January 30, 2020

Do you have to appear broken on the outside to show you are broken on the inside?

Gemma Dolbear, 34

My work explores the importance of mental illness, particularly Anorexia Nervosa. Anorexia has the highest death rate of any psychiatric illness. A Guardian article 15th Feb 2019 states, “The number of hospital admissions for eating disorders has doubled in six years” (NHS Digital). I was compelled to create this work to support and enhance my well-being throughout my ongoing recovery from Anorexia Nervosa which is intertwined with Depression and Anxiety. Painting has allowed me a safe avenue to express my feelings, using art as escapism from intrusive, racing thoughts. I have often felt words seem very black and white. My work allows the observer to consider their own links to mental health. This uncertainty of meaning or differences in interpretation echoes my own unclear thought processes. I have felt lost and had uncertainty of who I am or who I have become. This feeling has very much felt like an inner explosion, devastating with so much negative impact on every aspect of my life. I feel there is no obvious path to recovery from the grips of anorexia. As John Berger states in Ways of Seeing, “The relation between what we see and what we know is never settled.”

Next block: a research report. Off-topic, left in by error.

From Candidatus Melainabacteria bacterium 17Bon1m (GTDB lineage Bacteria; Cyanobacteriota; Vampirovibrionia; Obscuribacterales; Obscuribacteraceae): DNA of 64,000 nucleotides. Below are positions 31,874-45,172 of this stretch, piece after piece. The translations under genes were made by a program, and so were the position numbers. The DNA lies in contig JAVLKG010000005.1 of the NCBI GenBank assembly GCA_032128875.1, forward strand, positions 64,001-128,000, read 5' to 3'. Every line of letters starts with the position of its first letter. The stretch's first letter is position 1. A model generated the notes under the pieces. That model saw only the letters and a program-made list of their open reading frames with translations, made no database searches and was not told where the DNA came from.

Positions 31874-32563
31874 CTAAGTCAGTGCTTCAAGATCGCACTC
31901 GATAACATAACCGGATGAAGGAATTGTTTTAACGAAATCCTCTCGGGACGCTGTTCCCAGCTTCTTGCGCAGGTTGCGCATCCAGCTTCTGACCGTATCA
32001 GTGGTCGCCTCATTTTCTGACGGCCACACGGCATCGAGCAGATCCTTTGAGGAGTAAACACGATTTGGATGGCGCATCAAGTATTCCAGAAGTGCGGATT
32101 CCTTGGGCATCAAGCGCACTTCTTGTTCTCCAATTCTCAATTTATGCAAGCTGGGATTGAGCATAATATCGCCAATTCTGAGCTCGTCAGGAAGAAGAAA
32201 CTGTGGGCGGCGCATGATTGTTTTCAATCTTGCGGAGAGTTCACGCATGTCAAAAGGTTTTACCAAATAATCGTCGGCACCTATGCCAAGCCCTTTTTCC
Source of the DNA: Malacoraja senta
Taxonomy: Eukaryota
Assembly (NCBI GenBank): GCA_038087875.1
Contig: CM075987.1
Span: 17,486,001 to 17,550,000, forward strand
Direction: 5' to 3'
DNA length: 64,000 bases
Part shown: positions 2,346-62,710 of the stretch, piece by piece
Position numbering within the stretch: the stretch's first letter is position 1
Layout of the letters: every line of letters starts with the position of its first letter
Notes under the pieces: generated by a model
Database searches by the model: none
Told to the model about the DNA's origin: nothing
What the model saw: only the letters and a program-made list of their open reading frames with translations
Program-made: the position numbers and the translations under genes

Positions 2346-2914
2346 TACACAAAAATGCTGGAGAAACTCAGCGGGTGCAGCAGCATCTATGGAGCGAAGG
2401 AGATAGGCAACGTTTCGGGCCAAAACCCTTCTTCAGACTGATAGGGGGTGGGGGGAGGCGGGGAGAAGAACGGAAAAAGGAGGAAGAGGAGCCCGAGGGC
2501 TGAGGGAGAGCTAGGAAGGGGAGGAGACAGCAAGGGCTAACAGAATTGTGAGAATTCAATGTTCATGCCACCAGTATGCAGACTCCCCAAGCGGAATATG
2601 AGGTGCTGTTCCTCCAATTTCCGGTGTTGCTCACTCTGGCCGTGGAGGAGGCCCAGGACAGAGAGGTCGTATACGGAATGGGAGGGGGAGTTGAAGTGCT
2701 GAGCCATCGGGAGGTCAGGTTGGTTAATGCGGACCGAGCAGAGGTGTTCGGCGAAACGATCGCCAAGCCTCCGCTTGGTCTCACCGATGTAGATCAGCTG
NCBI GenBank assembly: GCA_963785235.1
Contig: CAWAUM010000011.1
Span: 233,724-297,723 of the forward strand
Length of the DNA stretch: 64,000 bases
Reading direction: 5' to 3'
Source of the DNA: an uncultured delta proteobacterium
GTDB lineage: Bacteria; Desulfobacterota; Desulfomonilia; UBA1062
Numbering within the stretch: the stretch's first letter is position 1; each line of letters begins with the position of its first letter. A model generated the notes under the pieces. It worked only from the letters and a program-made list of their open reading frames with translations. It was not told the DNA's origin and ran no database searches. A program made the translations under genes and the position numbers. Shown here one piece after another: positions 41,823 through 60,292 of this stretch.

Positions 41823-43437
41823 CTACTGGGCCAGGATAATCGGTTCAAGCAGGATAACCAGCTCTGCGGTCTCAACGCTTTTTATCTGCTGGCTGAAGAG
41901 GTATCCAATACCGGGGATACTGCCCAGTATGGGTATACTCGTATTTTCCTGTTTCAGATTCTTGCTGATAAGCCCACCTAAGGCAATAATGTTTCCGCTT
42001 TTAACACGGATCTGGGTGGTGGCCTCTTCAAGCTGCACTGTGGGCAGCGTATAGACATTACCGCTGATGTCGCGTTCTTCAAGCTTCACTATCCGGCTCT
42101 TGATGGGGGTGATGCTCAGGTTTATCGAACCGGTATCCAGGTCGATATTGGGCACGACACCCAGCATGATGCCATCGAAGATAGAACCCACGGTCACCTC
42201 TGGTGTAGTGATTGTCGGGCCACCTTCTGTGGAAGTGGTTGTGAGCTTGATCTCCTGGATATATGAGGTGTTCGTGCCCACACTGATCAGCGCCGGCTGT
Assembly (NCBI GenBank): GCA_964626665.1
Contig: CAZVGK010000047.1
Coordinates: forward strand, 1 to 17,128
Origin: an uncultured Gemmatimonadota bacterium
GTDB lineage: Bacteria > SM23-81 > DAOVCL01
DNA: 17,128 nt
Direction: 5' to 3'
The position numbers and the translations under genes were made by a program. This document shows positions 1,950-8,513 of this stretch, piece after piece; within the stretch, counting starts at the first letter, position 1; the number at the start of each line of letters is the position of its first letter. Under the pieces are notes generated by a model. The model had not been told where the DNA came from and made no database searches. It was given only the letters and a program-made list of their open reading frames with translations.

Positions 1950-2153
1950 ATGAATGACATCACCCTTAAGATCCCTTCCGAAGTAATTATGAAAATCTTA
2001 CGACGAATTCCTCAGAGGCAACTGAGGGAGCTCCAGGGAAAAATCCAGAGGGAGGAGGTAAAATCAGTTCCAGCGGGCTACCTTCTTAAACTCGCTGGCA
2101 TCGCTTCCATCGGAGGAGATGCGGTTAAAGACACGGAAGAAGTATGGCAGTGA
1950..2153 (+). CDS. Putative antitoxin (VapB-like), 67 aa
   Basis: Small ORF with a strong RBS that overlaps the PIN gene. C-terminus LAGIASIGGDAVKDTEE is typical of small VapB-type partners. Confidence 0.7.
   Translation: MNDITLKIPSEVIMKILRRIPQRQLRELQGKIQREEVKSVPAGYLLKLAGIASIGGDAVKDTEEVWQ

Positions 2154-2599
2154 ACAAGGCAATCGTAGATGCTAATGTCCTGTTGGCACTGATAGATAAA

Self-Destruction, 2018Oil paint on paper64cmx45cm